It's been a great ride, folks. But as the expression goes, all good things must come to end, which is what I'm here to say today.
In the coming days, I'll officially resign from the responsibilities managing the Defensive Value Investing Portfolio I've been managing for the Motley Fool since early 2012 .
Without diving too deep into the specifics, I've simply become too overwhelmed with my tech and telecom coverage for the Fool, as well as a few side projects, to give managing the Defensive Value Investing Portfolio the degree of attention it deserves. And as happens from time to time in life when you're simply spread too thin, it's time to relinquish the reins. C'est la vie.
However, before finally signing off, let's take a moment to recap what I've accomplished and what I would have liked to accomplish in my time at the portfolio's helm.
Let's start at the most obvious (and ultimately important) place, my performance.
Since I began managing the Defensive Value Portfolio, the portfolio returned 19%, compared to a 62.9% return from the S&P 500, a depressingly wide underperformance. That's a personal black eye no matter how you slice it.
However, I also think there's a case to be made that my underperformance might not have lasted if I chose to continue to manage the portfolio for a few reasons.
The first comes down to what drivers would help create the portfolio's returns. As a somewhat risk-averse investing strategy, the Defensive Value Investing Portfolio was intended to largely hold a) cheap and b) safe stocks, which often lag the broad market during huge bull markets like the one we've seen in the last five years. For most of these companies, a combination of moderate growth, strong dividends and buyback policies, and robust dividend growth over time could have lead to some very impressive compounded returns. And given the outstanding long-term advantages of the companies I bought but underperformed in the short-term like Costco (+10.7%), Paychex (+4.3%), or CSX (+13.9), I still believe the portfolio stood a good chance to catch up to, and possibly even surpass, the market given sufficient time for the effects of the above forces to truly shine through.
The second comes down to the market. Unfortunately, as an investor, you're somewhat beholden to the benchmarks we use as a yardstick to measure our performance. Over the long-term, sharp stock price movements in either direction tend to get moderated. However in short-term periods like the one during which the Defensive Value Investing Portfolio's been active and the market's soared across the board, it can make for a tough standard to match. Although by no means it's impossible, it strikes me as somewhat unlikely that the stock market will soar over say the next 5 years to the same degree it did on the preceding 5 year. This would have given the Defensive Value Investing Portfolio time to slowly catch-up to the market.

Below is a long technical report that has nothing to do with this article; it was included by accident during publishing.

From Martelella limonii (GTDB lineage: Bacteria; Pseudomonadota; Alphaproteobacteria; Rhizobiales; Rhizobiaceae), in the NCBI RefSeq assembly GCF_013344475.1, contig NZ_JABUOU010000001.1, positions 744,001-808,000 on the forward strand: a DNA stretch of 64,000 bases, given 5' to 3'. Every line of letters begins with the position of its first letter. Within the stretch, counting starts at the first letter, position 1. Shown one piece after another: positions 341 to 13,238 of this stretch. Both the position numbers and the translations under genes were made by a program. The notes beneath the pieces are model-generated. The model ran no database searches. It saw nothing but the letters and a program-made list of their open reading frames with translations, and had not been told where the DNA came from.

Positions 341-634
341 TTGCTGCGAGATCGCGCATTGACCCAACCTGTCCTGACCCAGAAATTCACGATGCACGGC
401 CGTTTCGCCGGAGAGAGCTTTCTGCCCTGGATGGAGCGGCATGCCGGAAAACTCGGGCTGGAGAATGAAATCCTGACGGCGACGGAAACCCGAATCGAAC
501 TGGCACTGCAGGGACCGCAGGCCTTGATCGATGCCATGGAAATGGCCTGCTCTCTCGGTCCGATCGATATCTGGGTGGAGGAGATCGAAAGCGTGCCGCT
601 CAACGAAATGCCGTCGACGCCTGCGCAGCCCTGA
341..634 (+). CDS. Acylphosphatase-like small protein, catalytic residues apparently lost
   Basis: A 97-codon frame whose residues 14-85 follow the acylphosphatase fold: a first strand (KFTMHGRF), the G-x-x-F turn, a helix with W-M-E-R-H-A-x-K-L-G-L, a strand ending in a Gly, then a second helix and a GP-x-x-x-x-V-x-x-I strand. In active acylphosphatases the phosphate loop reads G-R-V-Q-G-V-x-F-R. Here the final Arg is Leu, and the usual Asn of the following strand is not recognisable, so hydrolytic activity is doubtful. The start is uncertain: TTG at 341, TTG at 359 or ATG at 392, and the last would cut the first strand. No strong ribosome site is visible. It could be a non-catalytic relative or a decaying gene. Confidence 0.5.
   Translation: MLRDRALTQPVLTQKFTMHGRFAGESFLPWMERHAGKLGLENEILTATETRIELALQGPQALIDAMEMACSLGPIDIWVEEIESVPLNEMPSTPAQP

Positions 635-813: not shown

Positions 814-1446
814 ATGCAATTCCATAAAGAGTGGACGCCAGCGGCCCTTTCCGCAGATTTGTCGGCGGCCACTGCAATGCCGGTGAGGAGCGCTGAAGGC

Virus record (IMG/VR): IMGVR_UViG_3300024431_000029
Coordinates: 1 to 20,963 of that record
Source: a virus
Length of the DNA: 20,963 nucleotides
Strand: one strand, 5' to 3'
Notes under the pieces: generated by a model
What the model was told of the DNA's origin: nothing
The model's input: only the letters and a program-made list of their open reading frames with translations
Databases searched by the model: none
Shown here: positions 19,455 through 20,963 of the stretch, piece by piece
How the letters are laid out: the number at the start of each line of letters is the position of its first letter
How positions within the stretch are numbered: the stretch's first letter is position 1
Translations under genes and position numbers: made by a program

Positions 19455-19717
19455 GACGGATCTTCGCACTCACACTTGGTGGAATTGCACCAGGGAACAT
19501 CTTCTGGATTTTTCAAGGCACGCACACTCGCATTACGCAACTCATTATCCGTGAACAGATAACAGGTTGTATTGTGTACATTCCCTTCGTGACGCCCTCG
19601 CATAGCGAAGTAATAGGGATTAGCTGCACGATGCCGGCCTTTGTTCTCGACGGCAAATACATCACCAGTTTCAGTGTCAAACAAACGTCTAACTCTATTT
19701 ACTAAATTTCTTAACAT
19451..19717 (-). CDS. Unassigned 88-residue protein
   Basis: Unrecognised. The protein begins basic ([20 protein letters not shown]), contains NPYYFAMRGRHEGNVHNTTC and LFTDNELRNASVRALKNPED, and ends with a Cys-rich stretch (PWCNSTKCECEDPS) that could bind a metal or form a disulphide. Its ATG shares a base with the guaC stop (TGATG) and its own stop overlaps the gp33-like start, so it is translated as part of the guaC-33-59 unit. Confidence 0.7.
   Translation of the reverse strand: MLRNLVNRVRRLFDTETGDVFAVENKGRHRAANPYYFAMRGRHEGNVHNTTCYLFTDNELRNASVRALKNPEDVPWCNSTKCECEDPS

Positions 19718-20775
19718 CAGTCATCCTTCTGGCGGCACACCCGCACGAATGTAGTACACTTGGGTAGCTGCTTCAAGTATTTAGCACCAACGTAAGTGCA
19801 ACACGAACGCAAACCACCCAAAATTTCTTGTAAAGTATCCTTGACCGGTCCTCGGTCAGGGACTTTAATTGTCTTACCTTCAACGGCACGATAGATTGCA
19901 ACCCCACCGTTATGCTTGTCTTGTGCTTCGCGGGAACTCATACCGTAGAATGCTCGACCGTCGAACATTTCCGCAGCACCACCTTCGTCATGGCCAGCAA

Alas, we'll never know for certain.
Before I sign off
I'd also like to take a brief moment to thank the many Fools that made my time in the Real Money Stock Picks program an enjoyable and (hopefully for myself and the reader) enlightening experience.
Few companies would be so willing to invest in their employees with a program like the Real Money Stock Picks program. It's just another example of how the Motley Fool's truly an amazing company for our community members, readers, and employees across the board (Don't believe me? Check this out.). More specifically, I'd like to personally thank Ollen Douglas, Kris Eddy, Sharon Yep, and Brian Richards for helping manage the program over the years (apologies if I failed to mention anyone else!).
Foolish Bottom Line
The Fool's mission is to "Help the world invest better," and its Real Money Stock picks program is yet another great example that the Fool literally puts its money where its mouth is in pursuit of this noble goal.
I'm certainly somewhat despondent about my exiting the RMSP program. However, more than anything, I find myself thankful for the time that I got to participate in this outstanding program. And while I'm signing off from these pages, I'll still be continuing my technology and telecom coverage for the Fool as much as ever.
So, to those that ever found these pages (or will in the future), I hope they proved at least somewhat helpful in your own journey as an investor.
-Andrew Tonner (TMFTheDude)
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Andrew Tonner has no position in any stocks mentioned. The Motley Fool recommends Costco Wholesale and Paychex. The Motley Fool owns shares of Costco Wholesale, CSX, and Paychex. Try any of our Foolish newsletter services free for 30 days. We Fools may not all hold the same opinions, but we all believe that considering a diverse range of insights makes us better investors. The Motley Fool has a disclosure policy.